I have been somewhat curious about how states (which typically have primary authority for regulating waste management and disposal activities) approach CO2 geologic sequestration since CO2 is not a regulated solid waste. This article from the Texas Environmental Law Journal answered the question (thanks to Mike Dillinger for bringing this forward on LinkedIn):
“To inject carbon dioxide into a Class VI well and sequester it, an entity must apply for a permit. EPA initially has primacy over all Class VI well applications, but states may apply for primacy. Currently, only two states have applied for and received Class VI primacy—North Dakota and Wyoming. …
Texas has initiated the process for gaining primacy over Class VI wells. Currently, however, EPA retains primacy. As such, interested entities must apply for permits through both EPA and the Railroad Commission, the state agency in charge of regulating Class VI wells.… Texas is not the only state seeking primacy for Class VI well permits; Louisiana has also applied and is waiting on a decision from EPA. While there is currently only one Class VI Well application pending for Texas, there are 15 pending applications for Louisiana.“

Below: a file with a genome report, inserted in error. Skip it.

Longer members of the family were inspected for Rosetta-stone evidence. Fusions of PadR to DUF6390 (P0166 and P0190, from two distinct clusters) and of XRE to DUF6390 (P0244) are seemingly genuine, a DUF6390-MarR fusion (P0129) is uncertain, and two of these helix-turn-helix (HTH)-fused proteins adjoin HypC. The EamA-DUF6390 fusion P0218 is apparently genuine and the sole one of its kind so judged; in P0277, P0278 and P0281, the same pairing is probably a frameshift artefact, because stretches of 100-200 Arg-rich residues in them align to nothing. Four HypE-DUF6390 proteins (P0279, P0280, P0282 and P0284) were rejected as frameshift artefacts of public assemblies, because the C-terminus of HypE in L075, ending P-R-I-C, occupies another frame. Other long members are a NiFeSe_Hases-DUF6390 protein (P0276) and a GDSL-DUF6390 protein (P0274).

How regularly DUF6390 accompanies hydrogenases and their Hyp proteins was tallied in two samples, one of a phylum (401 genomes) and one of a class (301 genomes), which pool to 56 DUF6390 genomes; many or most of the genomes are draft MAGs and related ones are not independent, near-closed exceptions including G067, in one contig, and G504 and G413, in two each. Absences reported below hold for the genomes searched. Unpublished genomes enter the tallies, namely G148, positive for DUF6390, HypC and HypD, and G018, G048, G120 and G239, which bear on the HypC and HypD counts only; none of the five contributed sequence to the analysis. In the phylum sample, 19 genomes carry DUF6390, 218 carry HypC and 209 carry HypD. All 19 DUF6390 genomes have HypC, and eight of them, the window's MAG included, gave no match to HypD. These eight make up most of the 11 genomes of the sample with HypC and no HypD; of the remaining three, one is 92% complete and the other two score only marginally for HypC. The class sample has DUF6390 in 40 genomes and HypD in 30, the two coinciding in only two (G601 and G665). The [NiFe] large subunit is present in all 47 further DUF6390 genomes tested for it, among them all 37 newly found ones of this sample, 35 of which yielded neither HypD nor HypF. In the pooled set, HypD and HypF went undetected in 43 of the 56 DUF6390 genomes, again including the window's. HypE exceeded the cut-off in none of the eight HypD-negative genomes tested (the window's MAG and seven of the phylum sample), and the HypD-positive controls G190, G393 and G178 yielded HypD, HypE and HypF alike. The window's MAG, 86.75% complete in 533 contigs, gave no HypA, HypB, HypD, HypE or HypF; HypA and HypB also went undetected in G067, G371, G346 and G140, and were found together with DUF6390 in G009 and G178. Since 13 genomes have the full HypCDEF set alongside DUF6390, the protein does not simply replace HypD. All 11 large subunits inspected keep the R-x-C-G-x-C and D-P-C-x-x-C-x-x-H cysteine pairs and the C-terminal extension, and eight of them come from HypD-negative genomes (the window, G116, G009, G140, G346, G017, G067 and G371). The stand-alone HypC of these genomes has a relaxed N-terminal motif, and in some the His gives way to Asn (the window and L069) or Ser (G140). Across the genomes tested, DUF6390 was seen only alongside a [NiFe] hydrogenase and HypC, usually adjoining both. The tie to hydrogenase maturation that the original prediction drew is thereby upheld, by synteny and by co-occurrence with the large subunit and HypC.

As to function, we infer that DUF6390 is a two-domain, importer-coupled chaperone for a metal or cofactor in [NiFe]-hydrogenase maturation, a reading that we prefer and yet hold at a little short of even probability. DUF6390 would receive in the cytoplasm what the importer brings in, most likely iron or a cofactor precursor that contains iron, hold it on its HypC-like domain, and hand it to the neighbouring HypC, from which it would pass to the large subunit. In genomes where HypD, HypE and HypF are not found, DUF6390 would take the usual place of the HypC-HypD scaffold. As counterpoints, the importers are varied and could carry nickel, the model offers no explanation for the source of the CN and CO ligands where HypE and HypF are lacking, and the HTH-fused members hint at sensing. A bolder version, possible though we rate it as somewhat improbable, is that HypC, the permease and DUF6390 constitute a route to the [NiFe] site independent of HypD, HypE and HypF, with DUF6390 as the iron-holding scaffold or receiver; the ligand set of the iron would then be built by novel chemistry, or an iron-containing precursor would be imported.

I’m not sure if contingency plans are required by the Class VI regulations, but companies would be well-advised to develop plans for CO2 injection technology/equipment failure even if this is not required by the permitting regulations. I wrote last year about CO2 release risks and how an existing EPA regulation may be a viable model for CO2 contingency plans:
“any company involved in underground injection of CO2 should learn about the 1986 Lake Nyos incident in Cameroon that killed 1,700 people and 3,000 domestic animals. Yes, this was a natural occurrence, but the point is the effect of a massive acute CO2 emissions event. In the U.S. under EPA’s Risk Management Program (RMP), companies managing specific chemicals have to conduct Off-Site Consequence Analyses to identify ‘sensitive receptors’ within a certain radius from the facility, estimate the population at risk within that radius and develop an emergency response plan in the event of a worst case and alternative scenario chemical release. RMP may be a good model for CCS facilities to consider to avoid a anthropogenic Lake Nyos event.”
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